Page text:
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Research Papers

PowerGen Gas Turbine Losses and Condition Monitoring: A Loss Data-Based Study

[+] Author and Article Information
Bin Zhou

Mem. ASME
Risk, Reliability and Failure Prevention Area, FM Global Research,
1151 Boston-Providence Turnpike, Norwood, MA 02062
e-mail: bin.zhou@fmglobal.com

Manuscript received February 23, 2015; final manuscript received October 29, 2015; published online January 4, 2016. Assoc. Editor: Chimba Mkandawire.

ASME J. Risk Uncertainty Part B 2(2), 021007 (Jan 04, 2016) (6 pages) Paper No: RISK-15-1024; doi: 10.1115/1.4031915 History: Received February 23, 2015; Accepted October 29, 2015

In situ condition monitoring (CM) is a crucial element in protection and predictive maintenance of large rotating PowerGen equipment, such as gas turbines or steam turbines. In this work, selected gas turbine loss events occurring during a recent 10-year period at our clients’ power generation plants were evaluated. For each loss event, a loss scenario or a chain of failures was outlined after investigating the available loss record. These loss events were then categorized based on the nature of the associated loss scenario. The study subsequently focused on the variables that could be monitored in real-time to detect the abnormal turbine operating conditions, such as vibration characteristics, temperature, pressure, quality of working fluids, and material degradations. These groups of CM variables were then matched with detectable failures in each loss event and prioritized based on their effectiveness for failure detection and prevention. The detectable loss events and the associated loss values were used in this evaluation process. The study finally concluded with a summary of findings and path-forward actions.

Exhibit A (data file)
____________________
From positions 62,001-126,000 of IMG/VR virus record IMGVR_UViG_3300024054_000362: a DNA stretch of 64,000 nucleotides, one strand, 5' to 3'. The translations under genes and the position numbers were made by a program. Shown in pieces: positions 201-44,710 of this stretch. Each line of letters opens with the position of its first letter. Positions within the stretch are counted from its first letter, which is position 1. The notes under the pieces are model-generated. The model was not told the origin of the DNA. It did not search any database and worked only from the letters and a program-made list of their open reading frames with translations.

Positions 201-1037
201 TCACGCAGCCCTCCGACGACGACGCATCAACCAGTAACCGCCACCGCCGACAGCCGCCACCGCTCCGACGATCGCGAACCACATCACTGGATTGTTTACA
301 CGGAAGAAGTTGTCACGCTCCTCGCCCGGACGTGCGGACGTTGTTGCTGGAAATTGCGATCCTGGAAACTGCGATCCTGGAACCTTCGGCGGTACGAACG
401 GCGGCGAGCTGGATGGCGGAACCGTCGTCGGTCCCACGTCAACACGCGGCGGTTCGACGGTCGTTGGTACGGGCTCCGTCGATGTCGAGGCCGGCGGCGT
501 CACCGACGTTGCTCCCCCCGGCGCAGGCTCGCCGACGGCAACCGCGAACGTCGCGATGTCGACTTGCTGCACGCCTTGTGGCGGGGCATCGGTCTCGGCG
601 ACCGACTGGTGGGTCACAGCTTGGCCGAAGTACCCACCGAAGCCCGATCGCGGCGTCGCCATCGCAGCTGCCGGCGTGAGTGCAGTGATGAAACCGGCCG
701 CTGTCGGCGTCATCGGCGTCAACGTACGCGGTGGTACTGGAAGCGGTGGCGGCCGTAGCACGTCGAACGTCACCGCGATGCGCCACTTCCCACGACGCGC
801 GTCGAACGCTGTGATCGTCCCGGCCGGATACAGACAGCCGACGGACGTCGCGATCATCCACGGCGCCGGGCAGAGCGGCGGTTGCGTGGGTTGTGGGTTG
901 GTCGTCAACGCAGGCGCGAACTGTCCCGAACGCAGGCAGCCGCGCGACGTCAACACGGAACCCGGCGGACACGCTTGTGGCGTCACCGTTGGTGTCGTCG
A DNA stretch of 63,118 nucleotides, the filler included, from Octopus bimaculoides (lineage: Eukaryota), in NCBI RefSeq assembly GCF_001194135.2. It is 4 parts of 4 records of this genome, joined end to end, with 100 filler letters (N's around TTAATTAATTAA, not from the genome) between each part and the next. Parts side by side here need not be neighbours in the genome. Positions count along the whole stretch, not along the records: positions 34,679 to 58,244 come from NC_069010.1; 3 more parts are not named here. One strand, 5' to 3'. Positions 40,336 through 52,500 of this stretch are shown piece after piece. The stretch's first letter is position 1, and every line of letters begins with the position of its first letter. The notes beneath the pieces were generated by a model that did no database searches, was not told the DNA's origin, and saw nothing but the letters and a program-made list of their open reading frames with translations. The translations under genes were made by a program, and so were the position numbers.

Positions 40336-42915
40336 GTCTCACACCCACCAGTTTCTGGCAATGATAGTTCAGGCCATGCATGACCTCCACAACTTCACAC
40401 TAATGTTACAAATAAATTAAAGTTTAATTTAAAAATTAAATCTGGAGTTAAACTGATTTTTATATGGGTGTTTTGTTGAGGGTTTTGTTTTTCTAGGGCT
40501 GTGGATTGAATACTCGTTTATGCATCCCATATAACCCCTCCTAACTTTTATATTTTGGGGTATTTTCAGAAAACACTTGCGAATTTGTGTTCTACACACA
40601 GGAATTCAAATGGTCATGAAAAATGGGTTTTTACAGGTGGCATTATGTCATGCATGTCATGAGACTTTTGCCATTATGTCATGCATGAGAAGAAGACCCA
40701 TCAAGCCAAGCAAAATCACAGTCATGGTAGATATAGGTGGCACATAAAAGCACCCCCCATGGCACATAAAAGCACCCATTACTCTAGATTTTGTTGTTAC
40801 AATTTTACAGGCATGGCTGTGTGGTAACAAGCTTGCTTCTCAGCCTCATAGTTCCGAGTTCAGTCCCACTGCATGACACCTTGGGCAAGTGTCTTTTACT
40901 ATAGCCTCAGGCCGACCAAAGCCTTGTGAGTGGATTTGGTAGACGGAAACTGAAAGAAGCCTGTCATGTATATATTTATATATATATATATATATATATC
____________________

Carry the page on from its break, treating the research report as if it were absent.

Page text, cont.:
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References

Figures

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Fig. 1

Percentages of total loss value and loss count by loss categories

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Fig. 2

Normalized average loss value by loss categories

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Fig. 3

Compressor versus turbine losses

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Fig. 4

Blade vibrations: cause and effect

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Fig. 5

Blade failure scenario and monitoring variables

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Fig. 6

Percentages of total loss value and loss counts detectable by groups of CM variables

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Fig. 7

Blade and rotor vibration monitoring

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